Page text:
Recently, I watched The Big Short, a film that explained the collapse of the Housing Market and the US Economy. The film celebrated those who have conviction. The heroes were the fund managers who broke convention, endured the wrath of colleagues, investors, and pundits alike, and remained steadfast in their belief that indeed the housing market was poised to collapse and the entire economy would go down with it.
There is a vast difference between those Wall Street visionaries whose conviction portended a horrible period for this country/world and the conviction discussed in this writing. Dating would seem comparatively unimportant in the face of what happened to our world during and after the financial crisis.
Continue reading on the Huffington Post: The Big Commit
Clients often ask when’s the right time to begin introducing this woman to my friends and family. My brother is so judgmental. My mother is a tough critic. My sister is a walking embarrassment – – she asks all the questions that I have avoided asking: his desire for marriage, children, career, and why he chose to live in an outer borough.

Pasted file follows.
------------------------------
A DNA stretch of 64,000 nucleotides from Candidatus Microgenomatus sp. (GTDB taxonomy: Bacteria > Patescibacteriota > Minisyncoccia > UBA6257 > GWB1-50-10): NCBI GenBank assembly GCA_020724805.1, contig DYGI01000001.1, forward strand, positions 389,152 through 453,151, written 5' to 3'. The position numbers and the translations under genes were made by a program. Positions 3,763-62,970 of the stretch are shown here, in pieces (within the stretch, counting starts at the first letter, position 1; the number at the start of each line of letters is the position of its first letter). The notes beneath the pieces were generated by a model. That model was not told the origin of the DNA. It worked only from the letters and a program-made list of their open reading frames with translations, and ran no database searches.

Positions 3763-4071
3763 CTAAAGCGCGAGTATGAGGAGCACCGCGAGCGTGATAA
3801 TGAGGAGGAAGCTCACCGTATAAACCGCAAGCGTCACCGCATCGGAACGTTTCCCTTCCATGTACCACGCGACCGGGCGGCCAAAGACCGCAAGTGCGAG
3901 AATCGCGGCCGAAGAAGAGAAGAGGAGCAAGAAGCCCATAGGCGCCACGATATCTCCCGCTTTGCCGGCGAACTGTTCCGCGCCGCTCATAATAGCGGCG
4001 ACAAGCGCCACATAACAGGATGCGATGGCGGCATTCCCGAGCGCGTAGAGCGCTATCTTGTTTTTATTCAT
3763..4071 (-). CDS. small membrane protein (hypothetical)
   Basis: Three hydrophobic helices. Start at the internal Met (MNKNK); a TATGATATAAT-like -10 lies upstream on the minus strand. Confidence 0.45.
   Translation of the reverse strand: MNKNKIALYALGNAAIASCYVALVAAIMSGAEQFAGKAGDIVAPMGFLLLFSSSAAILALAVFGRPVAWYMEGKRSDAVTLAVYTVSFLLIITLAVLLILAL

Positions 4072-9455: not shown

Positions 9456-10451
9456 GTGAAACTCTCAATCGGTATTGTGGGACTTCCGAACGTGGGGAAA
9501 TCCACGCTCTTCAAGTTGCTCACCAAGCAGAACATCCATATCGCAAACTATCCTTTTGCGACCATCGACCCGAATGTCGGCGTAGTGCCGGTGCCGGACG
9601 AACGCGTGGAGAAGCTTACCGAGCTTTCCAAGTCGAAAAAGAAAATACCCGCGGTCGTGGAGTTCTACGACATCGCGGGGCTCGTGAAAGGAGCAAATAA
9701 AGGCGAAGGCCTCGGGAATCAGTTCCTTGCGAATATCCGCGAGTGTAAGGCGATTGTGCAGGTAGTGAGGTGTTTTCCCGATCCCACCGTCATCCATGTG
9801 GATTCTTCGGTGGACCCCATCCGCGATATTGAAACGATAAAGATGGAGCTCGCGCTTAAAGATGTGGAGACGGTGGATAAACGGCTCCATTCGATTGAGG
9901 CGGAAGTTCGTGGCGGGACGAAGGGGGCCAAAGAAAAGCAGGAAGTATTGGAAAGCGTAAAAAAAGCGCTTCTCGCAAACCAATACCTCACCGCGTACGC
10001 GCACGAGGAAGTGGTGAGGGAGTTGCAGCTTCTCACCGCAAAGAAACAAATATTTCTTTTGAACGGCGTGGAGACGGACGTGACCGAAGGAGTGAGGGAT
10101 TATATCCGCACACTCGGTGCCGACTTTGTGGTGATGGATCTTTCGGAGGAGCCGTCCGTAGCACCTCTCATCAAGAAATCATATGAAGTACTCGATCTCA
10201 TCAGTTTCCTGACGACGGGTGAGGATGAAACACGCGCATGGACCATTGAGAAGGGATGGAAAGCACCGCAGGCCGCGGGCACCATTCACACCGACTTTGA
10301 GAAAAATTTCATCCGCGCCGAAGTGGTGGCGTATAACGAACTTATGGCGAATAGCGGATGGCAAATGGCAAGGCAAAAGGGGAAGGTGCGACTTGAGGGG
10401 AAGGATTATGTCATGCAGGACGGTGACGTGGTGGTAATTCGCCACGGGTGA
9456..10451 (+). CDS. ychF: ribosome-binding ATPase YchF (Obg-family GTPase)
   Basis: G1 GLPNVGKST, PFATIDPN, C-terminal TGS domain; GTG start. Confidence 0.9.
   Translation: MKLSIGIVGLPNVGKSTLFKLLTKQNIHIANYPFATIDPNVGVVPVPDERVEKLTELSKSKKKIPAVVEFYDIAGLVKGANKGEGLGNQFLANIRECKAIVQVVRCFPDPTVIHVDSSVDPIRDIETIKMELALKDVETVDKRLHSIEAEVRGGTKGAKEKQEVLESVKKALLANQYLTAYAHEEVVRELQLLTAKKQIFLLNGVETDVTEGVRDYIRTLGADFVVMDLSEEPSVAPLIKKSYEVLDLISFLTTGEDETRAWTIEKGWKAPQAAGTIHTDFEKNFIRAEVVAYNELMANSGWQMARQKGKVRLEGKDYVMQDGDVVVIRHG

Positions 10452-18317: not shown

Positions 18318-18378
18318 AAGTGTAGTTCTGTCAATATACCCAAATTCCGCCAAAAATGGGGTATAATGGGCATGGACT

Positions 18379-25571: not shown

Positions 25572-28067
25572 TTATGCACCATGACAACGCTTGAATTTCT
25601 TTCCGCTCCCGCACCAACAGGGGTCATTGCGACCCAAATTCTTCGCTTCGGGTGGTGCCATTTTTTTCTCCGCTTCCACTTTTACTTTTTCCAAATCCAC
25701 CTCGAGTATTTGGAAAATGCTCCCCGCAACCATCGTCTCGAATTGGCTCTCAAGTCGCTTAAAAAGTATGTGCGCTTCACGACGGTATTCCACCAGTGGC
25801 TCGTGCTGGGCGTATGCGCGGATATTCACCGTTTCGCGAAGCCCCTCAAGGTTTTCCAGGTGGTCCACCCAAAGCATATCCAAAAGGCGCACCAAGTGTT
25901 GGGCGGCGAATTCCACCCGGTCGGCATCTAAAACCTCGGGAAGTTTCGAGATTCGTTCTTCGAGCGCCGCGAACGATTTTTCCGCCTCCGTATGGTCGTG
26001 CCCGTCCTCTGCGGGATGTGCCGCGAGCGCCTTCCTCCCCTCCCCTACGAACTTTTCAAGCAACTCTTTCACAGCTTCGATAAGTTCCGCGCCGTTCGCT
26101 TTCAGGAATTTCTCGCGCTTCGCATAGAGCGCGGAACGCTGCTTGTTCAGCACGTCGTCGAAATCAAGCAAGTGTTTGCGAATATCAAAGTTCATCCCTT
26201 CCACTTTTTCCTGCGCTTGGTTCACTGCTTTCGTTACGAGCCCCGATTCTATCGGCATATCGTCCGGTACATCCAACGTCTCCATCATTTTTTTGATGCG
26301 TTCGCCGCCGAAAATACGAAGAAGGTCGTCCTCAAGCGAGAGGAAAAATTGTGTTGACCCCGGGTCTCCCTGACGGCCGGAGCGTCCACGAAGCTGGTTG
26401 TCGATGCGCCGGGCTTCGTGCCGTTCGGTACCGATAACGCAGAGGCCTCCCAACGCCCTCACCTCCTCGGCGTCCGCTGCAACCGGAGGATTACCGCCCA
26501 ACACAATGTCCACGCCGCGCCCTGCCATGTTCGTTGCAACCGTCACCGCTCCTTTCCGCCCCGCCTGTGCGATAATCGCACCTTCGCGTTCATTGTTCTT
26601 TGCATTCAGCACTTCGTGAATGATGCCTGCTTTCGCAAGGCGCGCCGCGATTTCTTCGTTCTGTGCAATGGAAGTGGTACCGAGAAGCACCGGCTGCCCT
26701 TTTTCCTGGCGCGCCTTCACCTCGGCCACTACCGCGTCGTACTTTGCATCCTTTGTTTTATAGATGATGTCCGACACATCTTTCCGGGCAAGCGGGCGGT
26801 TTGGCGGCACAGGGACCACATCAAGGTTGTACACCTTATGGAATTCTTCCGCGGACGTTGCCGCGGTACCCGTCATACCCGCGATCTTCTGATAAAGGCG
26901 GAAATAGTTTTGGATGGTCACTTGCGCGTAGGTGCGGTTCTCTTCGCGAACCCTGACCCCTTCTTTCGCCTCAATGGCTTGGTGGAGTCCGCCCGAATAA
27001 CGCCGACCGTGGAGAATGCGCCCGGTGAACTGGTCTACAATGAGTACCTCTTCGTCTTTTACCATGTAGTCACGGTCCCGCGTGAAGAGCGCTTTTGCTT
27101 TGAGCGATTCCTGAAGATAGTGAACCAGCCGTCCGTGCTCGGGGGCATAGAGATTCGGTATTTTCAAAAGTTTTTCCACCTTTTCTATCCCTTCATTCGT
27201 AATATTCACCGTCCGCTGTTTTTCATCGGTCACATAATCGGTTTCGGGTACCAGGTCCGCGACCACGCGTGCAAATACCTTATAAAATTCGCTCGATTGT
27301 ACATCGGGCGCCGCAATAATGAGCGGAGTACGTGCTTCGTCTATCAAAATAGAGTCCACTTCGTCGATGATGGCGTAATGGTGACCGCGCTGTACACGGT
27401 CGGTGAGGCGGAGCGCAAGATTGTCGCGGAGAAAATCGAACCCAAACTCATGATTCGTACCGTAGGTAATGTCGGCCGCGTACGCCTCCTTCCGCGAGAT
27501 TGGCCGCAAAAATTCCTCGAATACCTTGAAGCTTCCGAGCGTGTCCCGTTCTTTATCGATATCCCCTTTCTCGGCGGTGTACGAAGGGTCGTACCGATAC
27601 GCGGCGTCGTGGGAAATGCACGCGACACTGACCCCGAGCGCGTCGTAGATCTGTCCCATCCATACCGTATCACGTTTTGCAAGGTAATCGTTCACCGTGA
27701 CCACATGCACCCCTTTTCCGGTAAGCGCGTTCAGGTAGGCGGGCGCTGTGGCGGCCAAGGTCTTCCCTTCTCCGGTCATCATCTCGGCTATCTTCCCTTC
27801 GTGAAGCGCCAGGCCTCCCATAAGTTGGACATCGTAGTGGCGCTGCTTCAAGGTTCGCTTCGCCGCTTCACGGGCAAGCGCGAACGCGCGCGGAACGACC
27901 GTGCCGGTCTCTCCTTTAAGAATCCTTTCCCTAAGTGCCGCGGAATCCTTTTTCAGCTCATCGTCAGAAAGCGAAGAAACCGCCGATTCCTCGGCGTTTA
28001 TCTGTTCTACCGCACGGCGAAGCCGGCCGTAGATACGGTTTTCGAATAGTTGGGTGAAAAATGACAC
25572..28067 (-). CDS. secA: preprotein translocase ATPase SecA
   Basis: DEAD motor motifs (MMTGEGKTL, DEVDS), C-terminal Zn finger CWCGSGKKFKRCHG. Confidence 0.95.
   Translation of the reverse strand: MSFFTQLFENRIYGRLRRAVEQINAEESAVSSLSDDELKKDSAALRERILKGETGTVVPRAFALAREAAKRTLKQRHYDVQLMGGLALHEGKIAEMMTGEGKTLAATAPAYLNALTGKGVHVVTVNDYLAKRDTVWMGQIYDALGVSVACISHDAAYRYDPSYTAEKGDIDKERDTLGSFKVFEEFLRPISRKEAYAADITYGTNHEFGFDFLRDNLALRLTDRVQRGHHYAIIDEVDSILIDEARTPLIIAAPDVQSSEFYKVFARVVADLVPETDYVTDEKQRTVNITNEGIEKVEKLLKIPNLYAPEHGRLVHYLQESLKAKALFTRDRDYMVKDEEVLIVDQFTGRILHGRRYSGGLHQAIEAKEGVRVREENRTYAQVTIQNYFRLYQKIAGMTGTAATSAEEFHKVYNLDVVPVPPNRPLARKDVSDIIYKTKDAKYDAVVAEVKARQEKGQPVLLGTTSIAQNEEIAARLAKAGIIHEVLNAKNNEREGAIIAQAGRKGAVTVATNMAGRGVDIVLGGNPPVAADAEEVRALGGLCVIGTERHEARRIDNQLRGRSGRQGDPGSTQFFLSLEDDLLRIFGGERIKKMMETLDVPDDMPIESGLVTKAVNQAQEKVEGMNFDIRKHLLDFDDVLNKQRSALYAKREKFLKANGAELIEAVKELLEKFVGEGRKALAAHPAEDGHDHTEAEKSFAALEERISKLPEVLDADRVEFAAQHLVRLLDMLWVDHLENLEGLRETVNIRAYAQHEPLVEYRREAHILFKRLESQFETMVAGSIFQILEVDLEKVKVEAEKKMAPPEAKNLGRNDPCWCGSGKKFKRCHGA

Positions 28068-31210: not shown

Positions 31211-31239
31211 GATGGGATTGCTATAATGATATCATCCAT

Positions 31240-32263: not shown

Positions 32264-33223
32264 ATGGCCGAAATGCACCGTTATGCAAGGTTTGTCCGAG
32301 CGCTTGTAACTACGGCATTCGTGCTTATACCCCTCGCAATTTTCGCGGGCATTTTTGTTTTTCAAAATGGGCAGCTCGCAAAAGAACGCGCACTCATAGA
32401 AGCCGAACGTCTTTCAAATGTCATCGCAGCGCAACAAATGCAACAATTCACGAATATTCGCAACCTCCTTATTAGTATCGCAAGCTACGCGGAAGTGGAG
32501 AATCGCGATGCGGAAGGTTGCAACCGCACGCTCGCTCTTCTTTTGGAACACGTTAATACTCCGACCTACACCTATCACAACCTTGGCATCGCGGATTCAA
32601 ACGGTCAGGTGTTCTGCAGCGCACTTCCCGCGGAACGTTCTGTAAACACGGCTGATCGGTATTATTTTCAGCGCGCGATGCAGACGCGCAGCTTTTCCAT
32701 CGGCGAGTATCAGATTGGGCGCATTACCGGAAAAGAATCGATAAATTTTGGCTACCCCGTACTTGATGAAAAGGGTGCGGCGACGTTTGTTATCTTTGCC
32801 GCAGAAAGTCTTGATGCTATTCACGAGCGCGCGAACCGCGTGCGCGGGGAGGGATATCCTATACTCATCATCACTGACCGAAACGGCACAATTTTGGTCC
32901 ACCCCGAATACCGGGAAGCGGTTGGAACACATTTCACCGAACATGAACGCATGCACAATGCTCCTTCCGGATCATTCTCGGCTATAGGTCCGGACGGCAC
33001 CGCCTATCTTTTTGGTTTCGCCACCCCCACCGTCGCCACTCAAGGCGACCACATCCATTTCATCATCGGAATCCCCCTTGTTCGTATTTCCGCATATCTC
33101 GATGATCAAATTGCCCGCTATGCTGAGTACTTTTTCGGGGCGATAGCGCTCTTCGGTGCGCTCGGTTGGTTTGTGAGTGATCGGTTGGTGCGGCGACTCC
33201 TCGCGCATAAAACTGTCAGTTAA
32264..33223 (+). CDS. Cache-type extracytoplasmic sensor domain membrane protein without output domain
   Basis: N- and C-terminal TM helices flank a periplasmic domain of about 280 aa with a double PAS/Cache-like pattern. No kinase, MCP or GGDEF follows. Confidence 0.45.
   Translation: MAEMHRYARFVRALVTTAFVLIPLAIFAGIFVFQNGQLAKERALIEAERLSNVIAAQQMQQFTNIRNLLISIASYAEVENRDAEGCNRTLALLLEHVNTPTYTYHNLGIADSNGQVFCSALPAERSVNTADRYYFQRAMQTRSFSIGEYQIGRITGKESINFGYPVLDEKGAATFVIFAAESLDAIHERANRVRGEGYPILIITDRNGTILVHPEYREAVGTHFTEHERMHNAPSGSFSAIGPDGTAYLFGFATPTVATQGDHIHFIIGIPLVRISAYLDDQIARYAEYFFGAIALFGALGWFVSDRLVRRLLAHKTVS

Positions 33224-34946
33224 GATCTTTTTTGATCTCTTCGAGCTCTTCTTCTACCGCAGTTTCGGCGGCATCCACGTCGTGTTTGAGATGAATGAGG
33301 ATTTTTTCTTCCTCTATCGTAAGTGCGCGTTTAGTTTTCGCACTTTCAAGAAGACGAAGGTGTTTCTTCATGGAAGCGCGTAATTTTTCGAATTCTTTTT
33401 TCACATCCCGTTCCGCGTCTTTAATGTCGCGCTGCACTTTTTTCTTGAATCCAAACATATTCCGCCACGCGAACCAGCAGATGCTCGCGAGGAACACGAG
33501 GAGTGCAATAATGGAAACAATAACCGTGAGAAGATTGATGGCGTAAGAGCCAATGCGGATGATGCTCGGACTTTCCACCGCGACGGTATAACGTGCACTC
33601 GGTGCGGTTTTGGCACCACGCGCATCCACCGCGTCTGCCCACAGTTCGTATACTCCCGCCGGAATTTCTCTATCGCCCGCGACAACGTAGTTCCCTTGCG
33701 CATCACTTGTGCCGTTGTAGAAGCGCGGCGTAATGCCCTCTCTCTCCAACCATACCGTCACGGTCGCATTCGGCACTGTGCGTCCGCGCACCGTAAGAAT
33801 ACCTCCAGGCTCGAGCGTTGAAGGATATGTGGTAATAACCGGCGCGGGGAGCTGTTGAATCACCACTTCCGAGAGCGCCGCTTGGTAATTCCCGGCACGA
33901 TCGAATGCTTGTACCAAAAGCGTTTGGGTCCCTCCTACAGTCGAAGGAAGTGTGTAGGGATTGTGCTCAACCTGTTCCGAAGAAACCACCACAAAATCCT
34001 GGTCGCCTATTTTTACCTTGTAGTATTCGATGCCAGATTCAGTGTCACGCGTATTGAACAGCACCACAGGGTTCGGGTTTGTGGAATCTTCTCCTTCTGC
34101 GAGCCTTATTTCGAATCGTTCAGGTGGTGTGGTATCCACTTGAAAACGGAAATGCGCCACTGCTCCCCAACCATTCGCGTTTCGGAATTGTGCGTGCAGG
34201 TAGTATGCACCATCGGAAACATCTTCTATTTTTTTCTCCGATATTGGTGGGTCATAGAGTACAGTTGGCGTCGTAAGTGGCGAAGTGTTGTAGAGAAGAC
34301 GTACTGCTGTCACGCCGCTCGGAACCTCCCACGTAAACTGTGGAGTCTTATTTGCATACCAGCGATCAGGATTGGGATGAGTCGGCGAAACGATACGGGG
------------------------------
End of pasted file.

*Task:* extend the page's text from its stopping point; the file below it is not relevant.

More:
Where am I in this relationship?
Conceptually, these questions and insecurities are likely warranted. They are, however, somewhat peripheral to the relationship between the two of you. Perhaps a better barometer is the decision to bring her to a wedding.
Sure, you are celebrating another couple, but the two of you are now forced to independently reflect upon a lifetime together. Today, a lifetime does not necessarily mean marriage, but it does mean a commitment that transcends the initial bliss that likely led to you inviting him to the wedding. The groom looks handsome. His bride is radiant. You are surrounded by people, young and old, married, divorced, single who are all excited for the couple but also reflective as well.
Let’s make this about the two of you, with respect to the happy couple. When you look into his eyes, is this the guy that forever represents? Is this the female personification of what growing old together really means?
Continue reading on the Huffington Post: To Have and to Hold